Ex-Gov. Weld says research key to pot legalization

Former Massachusetts Governor Bill Weld called on President Trump to change the federal classification of marijuana so researchers can explore the drug's ability to treat diseases, including cancer.

"I think anybody who is a reasonable politician has to listen to the argument that its been proved around the world that this will cure the ailments that your constituents are suffering from," Weld said in an interview with Cheddar at the Cannabis World Congress in New York. "Do you want to look your constituents in the eye, and say, 'No ー I'm going to stand in the way of you getting the physical relief from pain and suffering that you know you can get around the corner? That's a position that makes no political sense."

According to the Drug Enforcement Administration, marijuana is a Schedule I drug, which is the same category as heroin, LSD, and ecstasy. This means it is considered to have a high potential for abuse and is not accepted for medical use.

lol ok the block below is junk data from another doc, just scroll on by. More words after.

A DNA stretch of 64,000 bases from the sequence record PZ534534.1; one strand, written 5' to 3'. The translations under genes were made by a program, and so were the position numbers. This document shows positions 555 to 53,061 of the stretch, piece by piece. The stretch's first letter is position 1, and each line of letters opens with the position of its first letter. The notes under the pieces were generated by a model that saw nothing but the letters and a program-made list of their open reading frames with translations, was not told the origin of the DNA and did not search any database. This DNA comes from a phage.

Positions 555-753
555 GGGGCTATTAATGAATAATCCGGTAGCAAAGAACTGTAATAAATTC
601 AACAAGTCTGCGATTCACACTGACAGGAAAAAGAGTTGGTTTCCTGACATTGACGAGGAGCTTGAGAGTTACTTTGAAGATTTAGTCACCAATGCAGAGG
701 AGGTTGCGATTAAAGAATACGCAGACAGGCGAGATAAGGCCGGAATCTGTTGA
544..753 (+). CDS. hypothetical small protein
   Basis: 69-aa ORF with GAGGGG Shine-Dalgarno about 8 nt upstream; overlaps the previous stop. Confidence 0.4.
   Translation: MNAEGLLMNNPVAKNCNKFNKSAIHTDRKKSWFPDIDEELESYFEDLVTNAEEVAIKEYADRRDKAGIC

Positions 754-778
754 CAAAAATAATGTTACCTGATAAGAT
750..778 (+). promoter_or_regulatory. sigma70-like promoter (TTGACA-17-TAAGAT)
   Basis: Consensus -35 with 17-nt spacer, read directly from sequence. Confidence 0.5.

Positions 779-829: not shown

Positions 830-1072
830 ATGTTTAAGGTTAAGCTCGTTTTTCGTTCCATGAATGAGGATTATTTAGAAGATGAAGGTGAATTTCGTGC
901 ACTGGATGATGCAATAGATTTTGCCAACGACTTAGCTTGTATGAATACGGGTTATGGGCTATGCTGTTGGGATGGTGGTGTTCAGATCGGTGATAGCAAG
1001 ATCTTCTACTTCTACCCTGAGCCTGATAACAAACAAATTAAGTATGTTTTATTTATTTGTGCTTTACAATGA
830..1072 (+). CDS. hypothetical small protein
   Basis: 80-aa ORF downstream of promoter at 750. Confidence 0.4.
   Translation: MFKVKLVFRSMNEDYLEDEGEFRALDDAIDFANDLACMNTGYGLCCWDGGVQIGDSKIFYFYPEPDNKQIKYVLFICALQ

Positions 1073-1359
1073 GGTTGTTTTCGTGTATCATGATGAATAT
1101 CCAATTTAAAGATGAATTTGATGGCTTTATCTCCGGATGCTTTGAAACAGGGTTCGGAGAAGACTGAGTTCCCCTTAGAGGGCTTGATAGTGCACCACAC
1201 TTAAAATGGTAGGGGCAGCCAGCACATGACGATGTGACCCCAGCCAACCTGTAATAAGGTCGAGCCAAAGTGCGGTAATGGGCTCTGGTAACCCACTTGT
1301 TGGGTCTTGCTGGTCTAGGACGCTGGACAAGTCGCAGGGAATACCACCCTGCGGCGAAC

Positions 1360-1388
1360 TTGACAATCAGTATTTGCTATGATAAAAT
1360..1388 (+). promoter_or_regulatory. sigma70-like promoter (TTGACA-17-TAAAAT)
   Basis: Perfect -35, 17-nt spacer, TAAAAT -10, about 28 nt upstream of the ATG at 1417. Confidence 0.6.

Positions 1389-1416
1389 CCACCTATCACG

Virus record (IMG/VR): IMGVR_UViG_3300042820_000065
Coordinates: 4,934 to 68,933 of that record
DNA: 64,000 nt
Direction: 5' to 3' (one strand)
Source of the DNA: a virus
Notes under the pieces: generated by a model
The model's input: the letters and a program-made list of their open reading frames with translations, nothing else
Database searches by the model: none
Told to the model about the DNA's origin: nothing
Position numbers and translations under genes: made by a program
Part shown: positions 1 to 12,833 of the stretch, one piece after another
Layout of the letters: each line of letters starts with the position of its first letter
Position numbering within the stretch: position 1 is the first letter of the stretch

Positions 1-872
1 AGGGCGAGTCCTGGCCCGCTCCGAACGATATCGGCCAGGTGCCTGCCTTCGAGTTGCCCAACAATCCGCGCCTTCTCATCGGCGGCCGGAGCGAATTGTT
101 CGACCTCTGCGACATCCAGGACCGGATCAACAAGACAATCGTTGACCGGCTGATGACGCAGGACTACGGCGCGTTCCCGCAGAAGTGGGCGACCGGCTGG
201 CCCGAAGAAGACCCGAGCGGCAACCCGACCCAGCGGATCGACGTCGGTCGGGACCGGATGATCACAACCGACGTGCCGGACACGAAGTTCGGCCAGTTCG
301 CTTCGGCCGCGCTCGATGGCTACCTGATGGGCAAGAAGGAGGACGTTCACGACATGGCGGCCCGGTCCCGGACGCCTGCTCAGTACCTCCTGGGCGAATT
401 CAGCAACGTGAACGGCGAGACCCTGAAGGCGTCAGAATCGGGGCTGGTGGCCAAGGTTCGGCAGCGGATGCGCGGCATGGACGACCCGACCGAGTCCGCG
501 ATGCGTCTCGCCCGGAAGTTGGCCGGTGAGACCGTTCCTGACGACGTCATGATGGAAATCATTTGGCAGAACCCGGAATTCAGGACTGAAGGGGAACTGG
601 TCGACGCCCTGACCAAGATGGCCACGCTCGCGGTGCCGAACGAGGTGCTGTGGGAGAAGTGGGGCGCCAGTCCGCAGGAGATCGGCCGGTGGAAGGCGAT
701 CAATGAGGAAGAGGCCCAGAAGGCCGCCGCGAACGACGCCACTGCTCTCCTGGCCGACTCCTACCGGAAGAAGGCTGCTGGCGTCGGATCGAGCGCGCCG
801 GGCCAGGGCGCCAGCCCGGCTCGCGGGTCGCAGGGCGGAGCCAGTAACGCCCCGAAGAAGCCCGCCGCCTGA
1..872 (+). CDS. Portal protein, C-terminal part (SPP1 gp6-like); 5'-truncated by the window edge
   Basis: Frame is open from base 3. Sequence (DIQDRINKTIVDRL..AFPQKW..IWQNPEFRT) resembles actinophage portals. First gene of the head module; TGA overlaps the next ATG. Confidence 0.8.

Weld, who is a member of the board of the cannabis company Acreage Holdings, said Washington has yet to catch up with the country when it comes to cannabis: 64 percent of Americans say it should be made legal, according to a Gallup Poll.

"There's a lot of old people who have pains and aches that cannabis is very useful in just making go away. They are a voting bloc," said Weld, who also said millennial voters are another large bloc in favor of legalization. "So that's a pretty good pair of bookend voting blocs for any politician that is listening."

Weld said ultimately research will make it impossible for members of Congress to vote against cannabis, once they understand more about the drugs abilities.

For the full interview, click here.